Charles Lowell Walker

WASHINGTON COUNTY HISTORICAL SOCIETY     (Washington County, Utah)

CHARLES LOWELL WALKER

(blacksmith, stone mason, writer, poet, songwriter, publisher)

BIOGRAPHY

Charles Lowell Walker was born March 17, 1832 in Leek, Staffordshire, England.

Charles was one of the foremost of the Mormon pioneer diary keepers in the nineteenth-century Mormon church, as well as being the "Poet Laureate" of the Cotton Country Mission.

His father's family was converted to Mormonism in Manchester, after which Charle's oldest sister Ann Agatha came to America, where she became a plural wife of Parley P. Pratt. The remainder of Charles's family immigrated to St. Louis in 1850, where his mother died of typhus fever. Charles had preceded them to St. Louis in 1849 with a friend.

Charles remained in the Illinois and Missouri area working, trying to find a means to travel to Utah. In April 1855 he was engaged to drive a horse team for P. Burgess, who was bringing a threshing machine and other merchandise to Utah. Charles arrived in the valley September 3, 1855. Being a large and well-built man, he went to work at blacksmithing.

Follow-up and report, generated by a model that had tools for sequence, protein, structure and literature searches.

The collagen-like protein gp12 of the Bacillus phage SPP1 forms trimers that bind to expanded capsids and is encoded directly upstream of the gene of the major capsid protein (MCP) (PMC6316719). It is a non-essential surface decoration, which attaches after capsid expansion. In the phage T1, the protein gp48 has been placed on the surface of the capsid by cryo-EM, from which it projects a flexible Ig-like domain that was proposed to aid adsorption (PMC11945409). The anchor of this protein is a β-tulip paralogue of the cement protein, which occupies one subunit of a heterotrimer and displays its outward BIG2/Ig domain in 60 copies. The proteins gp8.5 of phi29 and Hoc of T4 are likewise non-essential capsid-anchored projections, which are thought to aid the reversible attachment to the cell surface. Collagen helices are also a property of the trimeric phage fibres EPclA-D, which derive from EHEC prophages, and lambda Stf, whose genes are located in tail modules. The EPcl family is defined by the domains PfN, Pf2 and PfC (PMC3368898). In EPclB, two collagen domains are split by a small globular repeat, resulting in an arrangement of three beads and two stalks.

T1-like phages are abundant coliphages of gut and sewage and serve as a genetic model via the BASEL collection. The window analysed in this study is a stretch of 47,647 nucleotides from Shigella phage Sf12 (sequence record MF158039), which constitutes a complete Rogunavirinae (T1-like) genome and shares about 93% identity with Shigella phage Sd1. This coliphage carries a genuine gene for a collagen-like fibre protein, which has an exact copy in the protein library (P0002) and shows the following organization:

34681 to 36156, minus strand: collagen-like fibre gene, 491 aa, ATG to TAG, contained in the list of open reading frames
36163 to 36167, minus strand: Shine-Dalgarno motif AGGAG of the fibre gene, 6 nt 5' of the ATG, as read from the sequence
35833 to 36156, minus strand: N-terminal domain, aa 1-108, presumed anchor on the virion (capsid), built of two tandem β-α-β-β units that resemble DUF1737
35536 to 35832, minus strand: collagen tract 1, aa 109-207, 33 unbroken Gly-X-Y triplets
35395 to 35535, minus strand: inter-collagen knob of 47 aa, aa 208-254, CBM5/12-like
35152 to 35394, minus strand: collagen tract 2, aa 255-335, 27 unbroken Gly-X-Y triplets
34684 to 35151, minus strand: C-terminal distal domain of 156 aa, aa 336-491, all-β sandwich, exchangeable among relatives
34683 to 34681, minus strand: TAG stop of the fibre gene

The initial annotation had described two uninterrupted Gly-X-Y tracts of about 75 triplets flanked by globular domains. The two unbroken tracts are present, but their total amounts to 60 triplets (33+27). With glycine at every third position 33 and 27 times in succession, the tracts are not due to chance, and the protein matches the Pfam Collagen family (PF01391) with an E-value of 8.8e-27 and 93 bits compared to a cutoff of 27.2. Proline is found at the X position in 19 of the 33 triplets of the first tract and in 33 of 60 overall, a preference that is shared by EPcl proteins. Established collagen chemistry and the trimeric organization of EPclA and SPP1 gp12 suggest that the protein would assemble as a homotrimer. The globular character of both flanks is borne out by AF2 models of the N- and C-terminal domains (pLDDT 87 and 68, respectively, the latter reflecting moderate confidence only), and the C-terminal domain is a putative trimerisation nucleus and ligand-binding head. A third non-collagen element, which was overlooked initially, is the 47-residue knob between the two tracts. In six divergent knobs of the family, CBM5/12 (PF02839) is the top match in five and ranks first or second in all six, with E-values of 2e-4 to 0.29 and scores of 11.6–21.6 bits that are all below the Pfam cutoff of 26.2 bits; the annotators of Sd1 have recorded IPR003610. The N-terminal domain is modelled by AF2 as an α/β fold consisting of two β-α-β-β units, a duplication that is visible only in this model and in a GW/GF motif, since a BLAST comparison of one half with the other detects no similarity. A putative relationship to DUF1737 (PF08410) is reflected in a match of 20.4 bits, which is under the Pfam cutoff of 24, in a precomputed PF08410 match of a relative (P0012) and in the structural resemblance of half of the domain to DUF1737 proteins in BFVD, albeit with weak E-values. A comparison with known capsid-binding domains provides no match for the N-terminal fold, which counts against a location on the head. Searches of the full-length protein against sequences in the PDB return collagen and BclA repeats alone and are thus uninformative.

From this time on, for the rest of his life, Charles kept an ongoing journal, in which he expressed his thoughts and feelings as well as keeping abreast of current happenings. He was not professionally trained in writing, being self-educated from reading in scripture and literature at home. However, his journal and other writings reflect Mormon issues as well as political and other areas of learning in a readable style like few other writings of pioneer culture.

On September 28, 1861, Charles married Abigail Middlemass, whose family had come from Pope's Harbor, Nova Scotia. In 1862, at the October conference, Charles and 200 other missionaries were called to go to the "cotton country" mission in southern Utah. He left with his wife on November 13 and arrived December 9, 1862. His first impression was that it was a "barren looking place... very windy, dusty, blowing nearly all the time." In what was to become St. George, Charles built up his holdings during the first six months he was there, "building me a home, fencing and grubbing my city lot, planting, irrigating and working in the blacksmith shop for B. F. Pendleton" and later with Melanchton Burgess....

As St. George grew, Charles became integrated into its society. He joined a literary club, which printed a small newspaper, "The Veprecula; he attended lectures on various historical, geographical, business, and scientific subjects; and discussed current concerns with others in the community in meetings. In the harsh circumstances of the desert country where nature was often unsympathetic, Charles continually calmed and counseled the pioneers with his prose, often in the form of songs, as well as using his talents for appropriate occasions such as funerals, marriages and birthdays.

Walker wrote the words to the Mormon hymn, "Dearest Children, God Is Near You".